On Tuesday, 22,062 supporters were at the Hawthorns to watch West Brom draw 1-1 with Swansea City, though by the time Salomon Rondon’s equaliser was scored, the attendance was far lower. It was West Brom’s lowest ever crowd for a Premier League home game.
There are obvious factors that influenced such a low attendance. A cold Tuesday night match against unglamorous opponents, high ticket prices soon after Christmas and a home side in lower mid-table hardly made the Hawthorns a temptation for casual match-goers.
Neither does Tony Pulis’ football, best described as functional. Having been appointed on the first day of 2015, Pulis has spent close to £40m on new players during his 13 months in charge, but the Welshman has a knack of making any combination of players look exactly the same as another.
Craig Dawson, Gareth McAuley, Jonas Olsson, Jonny Evans, Claudio Yacob, Darren Fletcher and Craig Gardner. Some managers may consider that enough central defensive-minded players for one squad. Pulis used them all in one home match on Tuesday. The final whistle marked boos over his team’s playing style.
You can see their point. West Brom have taken 12 points from their last 11 matches, scoring 11 goals, and the club’s away fans have seen their team score 26 times in the league in the last two years. During Pulis’ entire tenure, West Brom have only once scored more than two goals in a league match. That came against a coasting Chelsea side who had already been elected champions and were reduced to ten after 29 minutes.
Pulis would shrug his shoulders to any criticism; what you see is what you get. West Brom were not relegated last season, and they will probably not be relegated this. Expecting a 58-year-old manager to change now is like asking a leopard to give back his spots and live life as a cougar.
Until now, ‘Pulisball’ has been sufficient. It was a VIP ticket to Premier League survival, and all the broadcasting revenues that went with it. Richard Scudamore may be an odd Willy Wonka figure, but the picture of Jeremy Peace and his friends careering down a money slide and into a pool of cash isn’t far from the truth. Pulisball was not pretty, but it was practical. Pragmatism over aesthetics was a no-brainer.
At Sunderland, Sam Allardyce sings from a similar hymn sheet. There is an inaccurate portrayal of Allardyce as a dinosaur. ‘Back to basics’ would be a fairer description.
“People try to complicate it by talking about systems and different types of positions and false number nines and stuff like that,” Allardyce said in December. “It is a game of football. If you’re playing against someone, if he’s playing better than you, stop them. Get those simple basics in place and you start getting better as a team.”
Allardyce repeated his maxim in January: “At this level why complicate the game and overplay? When you are struggling, put the ball in the opposition’s half with a bit of quality, squeeze up away from your own goal.”
The insinuation is clear: A team cannot expect to improve quickly by playing fancy football. It is easier to win ugly than win with style.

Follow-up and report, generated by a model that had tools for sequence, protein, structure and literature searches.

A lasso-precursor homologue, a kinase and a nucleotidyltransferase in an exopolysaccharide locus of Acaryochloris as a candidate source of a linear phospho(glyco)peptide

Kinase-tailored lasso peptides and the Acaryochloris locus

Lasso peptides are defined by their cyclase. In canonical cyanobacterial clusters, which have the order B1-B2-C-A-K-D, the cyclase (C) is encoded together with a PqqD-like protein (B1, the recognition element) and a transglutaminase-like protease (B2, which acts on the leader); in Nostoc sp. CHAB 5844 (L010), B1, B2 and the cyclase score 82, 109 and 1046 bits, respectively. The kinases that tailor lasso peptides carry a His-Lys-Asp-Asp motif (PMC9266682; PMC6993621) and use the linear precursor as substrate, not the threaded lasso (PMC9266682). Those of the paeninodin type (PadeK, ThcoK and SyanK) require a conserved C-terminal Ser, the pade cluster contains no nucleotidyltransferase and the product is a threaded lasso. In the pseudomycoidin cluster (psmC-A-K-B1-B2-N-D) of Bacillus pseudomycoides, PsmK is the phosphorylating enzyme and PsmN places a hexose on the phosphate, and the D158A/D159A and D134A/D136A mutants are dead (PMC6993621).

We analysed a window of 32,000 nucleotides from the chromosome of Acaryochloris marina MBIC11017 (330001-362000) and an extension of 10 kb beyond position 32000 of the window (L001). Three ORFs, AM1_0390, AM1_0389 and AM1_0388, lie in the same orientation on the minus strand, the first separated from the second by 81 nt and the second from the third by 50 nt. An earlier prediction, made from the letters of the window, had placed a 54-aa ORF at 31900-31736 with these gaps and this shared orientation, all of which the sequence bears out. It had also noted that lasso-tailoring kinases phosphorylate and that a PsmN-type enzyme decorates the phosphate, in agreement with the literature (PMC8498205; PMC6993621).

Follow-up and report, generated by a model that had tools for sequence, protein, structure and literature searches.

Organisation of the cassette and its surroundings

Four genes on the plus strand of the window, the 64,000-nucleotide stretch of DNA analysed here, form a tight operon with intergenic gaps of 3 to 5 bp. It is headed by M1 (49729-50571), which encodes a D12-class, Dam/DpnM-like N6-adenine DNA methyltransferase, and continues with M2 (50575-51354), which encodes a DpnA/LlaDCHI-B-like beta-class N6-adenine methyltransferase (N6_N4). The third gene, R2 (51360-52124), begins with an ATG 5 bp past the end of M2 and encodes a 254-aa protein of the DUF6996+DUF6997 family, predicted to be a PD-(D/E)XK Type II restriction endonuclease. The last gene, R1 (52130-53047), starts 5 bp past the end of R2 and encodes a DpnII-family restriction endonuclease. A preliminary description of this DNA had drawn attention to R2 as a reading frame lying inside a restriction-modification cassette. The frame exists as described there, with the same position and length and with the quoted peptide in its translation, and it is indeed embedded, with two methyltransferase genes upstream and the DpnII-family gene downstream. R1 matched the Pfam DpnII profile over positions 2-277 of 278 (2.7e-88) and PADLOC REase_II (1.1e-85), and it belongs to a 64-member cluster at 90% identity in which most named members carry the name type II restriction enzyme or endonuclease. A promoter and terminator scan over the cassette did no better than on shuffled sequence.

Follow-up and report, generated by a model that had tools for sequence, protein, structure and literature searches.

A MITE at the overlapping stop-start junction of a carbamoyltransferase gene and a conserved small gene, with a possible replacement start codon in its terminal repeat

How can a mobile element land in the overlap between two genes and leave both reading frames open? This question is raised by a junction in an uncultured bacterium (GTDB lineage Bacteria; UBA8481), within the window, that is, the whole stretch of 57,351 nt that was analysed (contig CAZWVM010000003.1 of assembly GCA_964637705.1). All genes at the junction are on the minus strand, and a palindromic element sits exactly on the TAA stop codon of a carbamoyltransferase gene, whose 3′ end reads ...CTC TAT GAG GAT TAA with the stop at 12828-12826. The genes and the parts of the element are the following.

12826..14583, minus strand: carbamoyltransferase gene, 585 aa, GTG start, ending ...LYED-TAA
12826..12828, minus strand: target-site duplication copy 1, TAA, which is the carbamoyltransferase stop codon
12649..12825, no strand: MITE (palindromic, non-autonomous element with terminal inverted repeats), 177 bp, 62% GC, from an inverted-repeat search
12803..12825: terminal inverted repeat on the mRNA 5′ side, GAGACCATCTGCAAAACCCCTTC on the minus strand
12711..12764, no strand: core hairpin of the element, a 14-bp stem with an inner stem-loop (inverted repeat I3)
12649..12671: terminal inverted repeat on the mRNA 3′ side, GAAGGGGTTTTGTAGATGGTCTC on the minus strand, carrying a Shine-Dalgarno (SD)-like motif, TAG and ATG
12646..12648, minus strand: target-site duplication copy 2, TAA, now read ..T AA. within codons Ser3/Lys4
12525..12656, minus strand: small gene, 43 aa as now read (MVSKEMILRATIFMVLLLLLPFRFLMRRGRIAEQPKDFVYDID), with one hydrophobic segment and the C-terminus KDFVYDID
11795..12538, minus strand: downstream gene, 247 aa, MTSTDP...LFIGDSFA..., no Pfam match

The landscape has changed. The rise of Leicester City (and, to an extent, Watford) has made plenty of the Premier League’s biggest clubs look very silly, but those below them should feel more foolish still.
The party line was that clubs like poor little West Brom could not cope with the country’s financially bloated elite. They were coerced into bowing down like loyal subjects, taking the scraps of points the kings dropped from the top table onto the floor. The ideal formula was simple: Draw your away games and win your home games against the rest, look for the occasional day of wonder against the best.
Leicester have flipped that wisdom on its head, forcing Premier League owners to scurry and work out how to replicate their rise. “This isn’t in the rule book – who’s in charge here? Guilty! Get a new rule book!”
Not only is Leicester’s wage budget (£48.2m) more than £20m lower than West Brom and Sunderland’s, they also play a style of football that is far more pleasing on the eye. Supporters go to home games not through a sense of grim duty or ingrained addiction, but because they enjoy what they see. There are counter-attacks, passages of neat passing play and attacking substitutions. There is even belief, a communal morale between players, club and fans. Who knew Saturday afternoons could be enjoyable?
Even worse for Pulis et al, Leicester’s rise has not even been a long-term project. Nigel Pearson had Leicester’s players at least sitting in the right seats at the end of last season; their new manager has taken them for a ride in his supercar.
Until now, Pulis and Allardyce were meant to be the go-to guys, the Mary Poppins that clicked their fingers and tidied up the room. Ranieri has proven that grit and spit isn’t the only route to sustainable improvement. So too has Slaven Bilic as Allardyce’s successor.
Managerial pragmatism is not yet dead – there will always be a call for functional to stave off the short-term threat of relegation. But it could soon become defunct as a long-term solution. As coffers grow more full, the line between the bottom and the top may become blurred. If ticket prices are not going to decrease, supporters will expect more bang for their buck.
If bored, envious supporters start to vote with their feet, will we see the last of safety-first tactics as anything other than a last resort? There’s a man in a baseball cap who should be very afraid.